Today we’re going to take an in-depth look at two of the best Nikon zoom lenses on the market, the Nikkor 200-400mm f/4G ED VRII professional grade lens, and the Nikkor 200-500mm f/5.6E ED consumer grade lens. We’ll take a deep dive at the characteristics, specs, and builds of these two lenses. We’ll highlight all of the major differences and similarities, and provide you with insightful information to help make an informed decision when considering the purchase of one of these amazing lenses.
Comparison by Features
While these lenses share a lot of similarities, some subtle differences will have a big impact on your photography. We’re going to break it down by main features and take a detailed look, one feature at a time.
The zoom range is in the name of the lenses, 200-400mm and 200-500mm, respectively. Naturally, there is a little more zoom range in the 200-500mm lens.
Both lenses are compatible with Nikon AF-S teleconverters (except for the 1.25x converter) for situations when even more zoom is required.
The 200-400mm lens does maintain autofocus capabilities, with some limitations, across the entire scale, from 1.4x to 2x.
The 200-500mm lens has some autofocus limitations with the 1.4x teleconverters and loses all autofocus functions for anything beyond.
It’s no secret that the aperture is a huge influencer when shopping for lenses. Both of these lenses come with round, 9-bladed diaphragms, which are crucial in providing smooth, even background blur. They also share the same minimum aperture at f/32. So where’s the difference? The maximum aperture.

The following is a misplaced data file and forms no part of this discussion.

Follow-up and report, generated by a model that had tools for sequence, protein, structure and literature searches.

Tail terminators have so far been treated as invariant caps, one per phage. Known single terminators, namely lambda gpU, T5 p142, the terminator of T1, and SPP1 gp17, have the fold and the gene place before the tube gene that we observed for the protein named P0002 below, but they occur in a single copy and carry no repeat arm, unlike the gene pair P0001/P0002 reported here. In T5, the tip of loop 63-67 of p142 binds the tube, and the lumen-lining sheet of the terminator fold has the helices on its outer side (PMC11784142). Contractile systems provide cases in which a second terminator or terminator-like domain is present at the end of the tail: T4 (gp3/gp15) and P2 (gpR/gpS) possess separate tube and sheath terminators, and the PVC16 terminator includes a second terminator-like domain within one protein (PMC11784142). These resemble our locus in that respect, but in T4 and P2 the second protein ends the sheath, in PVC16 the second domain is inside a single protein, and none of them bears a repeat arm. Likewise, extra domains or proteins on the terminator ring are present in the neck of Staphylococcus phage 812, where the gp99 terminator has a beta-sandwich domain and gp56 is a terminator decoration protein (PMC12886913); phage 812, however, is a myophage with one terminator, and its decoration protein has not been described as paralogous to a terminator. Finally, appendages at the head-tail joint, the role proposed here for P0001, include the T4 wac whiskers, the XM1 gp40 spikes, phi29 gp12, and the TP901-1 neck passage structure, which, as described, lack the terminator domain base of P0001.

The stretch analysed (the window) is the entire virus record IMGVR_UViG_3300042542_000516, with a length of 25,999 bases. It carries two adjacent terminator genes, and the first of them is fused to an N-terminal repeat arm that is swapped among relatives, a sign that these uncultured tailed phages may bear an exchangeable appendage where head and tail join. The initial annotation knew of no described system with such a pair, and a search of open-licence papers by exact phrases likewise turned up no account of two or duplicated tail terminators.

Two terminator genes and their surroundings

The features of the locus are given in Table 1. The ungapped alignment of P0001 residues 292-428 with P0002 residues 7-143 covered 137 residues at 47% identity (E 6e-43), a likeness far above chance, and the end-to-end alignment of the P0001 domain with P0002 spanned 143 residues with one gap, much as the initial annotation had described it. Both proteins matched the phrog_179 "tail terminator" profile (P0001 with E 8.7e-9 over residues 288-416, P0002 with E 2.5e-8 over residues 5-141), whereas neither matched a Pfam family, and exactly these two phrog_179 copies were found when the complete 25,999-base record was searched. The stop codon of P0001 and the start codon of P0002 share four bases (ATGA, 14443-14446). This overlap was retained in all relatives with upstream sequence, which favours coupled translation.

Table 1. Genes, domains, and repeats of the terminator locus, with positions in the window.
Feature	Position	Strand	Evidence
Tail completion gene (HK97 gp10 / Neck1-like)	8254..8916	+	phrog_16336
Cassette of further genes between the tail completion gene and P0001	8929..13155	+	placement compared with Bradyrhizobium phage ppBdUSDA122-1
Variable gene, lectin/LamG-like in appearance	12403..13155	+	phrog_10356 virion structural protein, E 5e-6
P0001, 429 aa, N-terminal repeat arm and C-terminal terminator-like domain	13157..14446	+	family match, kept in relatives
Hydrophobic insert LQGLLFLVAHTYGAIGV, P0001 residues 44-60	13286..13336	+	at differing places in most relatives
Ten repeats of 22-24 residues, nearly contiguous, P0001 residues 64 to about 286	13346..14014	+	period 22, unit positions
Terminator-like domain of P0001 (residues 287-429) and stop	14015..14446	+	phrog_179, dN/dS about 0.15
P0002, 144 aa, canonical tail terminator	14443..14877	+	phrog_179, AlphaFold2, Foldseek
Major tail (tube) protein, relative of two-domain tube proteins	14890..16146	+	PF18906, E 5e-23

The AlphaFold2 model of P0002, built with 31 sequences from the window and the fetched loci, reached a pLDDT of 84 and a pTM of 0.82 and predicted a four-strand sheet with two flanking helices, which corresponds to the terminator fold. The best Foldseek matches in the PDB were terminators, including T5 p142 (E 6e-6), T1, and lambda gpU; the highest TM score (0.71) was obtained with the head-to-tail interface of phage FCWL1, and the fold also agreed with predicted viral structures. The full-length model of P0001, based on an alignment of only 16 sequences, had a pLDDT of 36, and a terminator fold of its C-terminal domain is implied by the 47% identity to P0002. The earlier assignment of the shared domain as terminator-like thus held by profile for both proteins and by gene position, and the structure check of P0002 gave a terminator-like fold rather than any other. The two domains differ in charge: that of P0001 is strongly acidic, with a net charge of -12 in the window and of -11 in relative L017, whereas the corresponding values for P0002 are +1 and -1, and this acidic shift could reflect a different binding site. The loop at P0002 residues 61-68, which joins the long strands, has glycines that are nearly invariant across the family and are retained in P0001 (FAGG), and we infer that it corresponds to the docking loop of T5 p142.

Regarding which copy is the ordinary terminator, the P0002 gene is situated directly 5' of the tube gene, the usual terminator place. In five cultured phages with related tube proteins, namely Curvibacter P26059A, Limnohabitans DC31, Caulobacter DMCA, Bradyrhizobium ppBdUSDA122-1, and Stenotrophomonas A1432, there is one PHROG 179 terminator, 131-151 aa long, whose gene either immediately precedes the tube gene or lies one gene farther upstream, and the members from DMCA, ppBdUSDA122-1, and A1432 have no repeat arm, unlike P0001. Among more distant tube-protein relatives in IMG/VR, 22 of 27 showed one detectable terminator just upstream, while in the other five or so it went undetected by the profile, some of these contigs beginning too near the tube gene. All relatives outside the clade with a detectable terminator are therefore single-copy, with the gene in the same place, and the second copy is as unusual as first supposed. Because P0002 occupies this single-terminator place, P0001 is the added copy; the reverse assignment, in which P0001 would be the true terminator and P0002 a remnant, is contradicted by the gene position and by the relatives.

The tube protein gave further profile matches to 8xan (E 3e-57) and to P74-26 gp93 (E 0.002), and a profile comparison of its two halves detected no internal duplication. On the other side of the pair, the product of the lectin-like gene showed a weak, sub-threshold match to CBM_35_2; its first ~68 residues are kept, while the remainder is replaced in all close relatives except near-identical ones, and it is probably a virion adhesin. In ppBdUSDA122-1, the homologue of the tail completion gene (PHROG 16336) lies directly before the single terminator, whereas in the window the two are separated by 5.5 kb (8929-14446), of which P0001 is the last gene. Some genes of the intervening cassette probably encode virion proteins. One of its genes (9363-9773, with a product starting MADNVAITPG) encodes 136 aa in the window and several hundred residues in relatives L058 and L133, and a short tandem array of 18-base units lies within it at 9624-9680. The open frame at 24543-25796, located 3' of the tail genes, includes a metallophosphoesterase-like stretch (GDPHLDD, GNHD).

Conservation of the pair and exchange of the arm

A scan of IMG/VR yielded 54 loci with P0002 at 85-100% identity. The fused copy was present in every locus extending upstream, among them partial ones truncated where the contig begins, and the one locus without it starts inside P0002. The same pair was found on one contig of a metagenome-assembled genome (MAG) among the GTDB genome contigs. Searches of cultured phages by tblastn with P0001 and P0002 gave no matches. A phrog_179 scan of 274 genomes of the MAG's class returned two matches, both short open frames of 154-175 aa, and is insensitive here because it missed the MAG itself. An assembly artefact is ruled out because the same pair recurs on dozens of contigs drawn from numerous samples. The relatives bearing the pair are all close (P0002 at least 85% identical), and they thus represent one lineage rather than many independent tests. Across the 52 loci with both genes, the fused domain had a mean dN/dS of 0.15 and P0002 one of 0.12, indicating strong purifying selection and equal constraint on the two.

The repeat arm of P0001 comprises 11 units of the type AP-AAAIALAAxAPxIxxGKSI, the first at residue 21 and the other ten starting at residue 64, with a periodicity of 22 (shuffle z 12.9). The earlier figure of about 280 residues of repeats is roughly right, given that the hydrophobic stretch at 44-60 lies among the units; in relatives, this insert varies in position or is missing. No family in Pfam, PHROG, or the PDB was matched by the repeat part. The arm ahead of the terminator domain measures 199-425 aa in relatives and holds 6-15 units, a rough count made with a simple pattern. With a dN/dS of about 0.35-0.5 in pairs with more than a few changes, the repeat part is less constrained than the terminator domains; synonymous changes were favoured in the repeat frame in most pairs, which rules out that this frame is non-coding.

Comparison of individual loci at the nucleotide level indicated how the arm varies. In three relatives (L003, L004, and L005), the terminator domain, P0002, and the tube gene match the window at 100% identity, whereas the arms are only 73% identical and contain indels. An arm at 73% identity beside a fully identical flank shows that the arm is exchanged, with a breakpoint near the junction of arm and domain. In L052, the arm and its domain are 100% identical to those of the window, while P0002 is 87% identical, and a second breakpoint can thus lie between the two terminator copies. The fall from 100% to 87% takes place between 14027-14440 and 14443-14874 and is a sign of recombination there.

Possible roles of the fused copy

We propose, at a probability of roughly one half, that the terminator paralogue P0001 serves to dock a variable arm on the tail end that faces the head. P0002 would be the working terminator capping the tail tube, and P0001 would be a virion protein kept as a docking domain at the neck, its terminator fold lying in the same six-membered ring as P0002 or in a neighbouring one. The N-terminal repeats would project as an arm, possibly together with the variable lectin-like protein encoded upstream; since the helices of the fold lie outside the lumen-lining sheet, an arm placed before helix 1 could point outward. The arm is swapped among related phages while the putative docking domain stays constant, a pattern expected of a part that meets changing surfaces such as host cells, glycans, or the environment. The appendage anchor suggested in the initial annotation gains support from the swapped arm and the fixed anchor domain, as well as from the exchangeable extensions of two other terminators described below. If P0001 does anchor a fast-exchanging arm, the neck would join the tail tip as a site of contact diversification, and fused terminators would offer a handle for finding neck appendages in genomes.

The 200-500mm lens has a maximum aperture of f/5.6, which still allows for some decent low-light shooting.
However, the 200-400mm lens has a maximum aperture of f/4, which provides even more flexibility in low-light scenarios. The larger aperture of the 200-400mm lens also allows for more accurate autofocusing in lower-light settings.
The 200-500mm does come with an electromagnetic diaphragm mechanism (as opposed to conventional mechanical linkage levers), which boasts more accurate aperture blade control when utilizing auto exposure during continuous shooting modes.
Both of these lenses come equipped with Nikon’s silent-wave motor autofocusing technology. This technology is renowned for quick and accurate autofocusing.
Both lenses allow for full-time manual focusing, as well as an “M/A” mode, which allows for autofocusing with quick manual overriding by turning the focusing ring.
The 200-400mm does come equipped with an additional focusing mode “A/M”, which stands for auto-priority manual mode. Similar to the “M/A” focus mode, except it requires the further turning of the focus ring to override the autofocus mode. This helps prevent any accidental switching into manual focusing mode.
Both lenses also operated with internal focusing, which means that the physical lens size won’t change during auto-focusing operations, which supports a more lightweight and compact design with closer focusing distances.
The 200-400mm does offer a bit closer shooting with a minimum focusing distance of 6.4ft, versus the 200-500, with a minimum focusing distance of 7.2ft. Not a huge difference, but something to consider, depending on the type of photography that you’re after.
While both of these lenses do come equipped with Nikon’s Vibration Reduction stability technology, you’ll notice that the 200-400mm lens has a VRII designation at the end of its name, meaning it has the second iteration of this technology. While the original VR system was robust, the VRII system does come with some added benefits.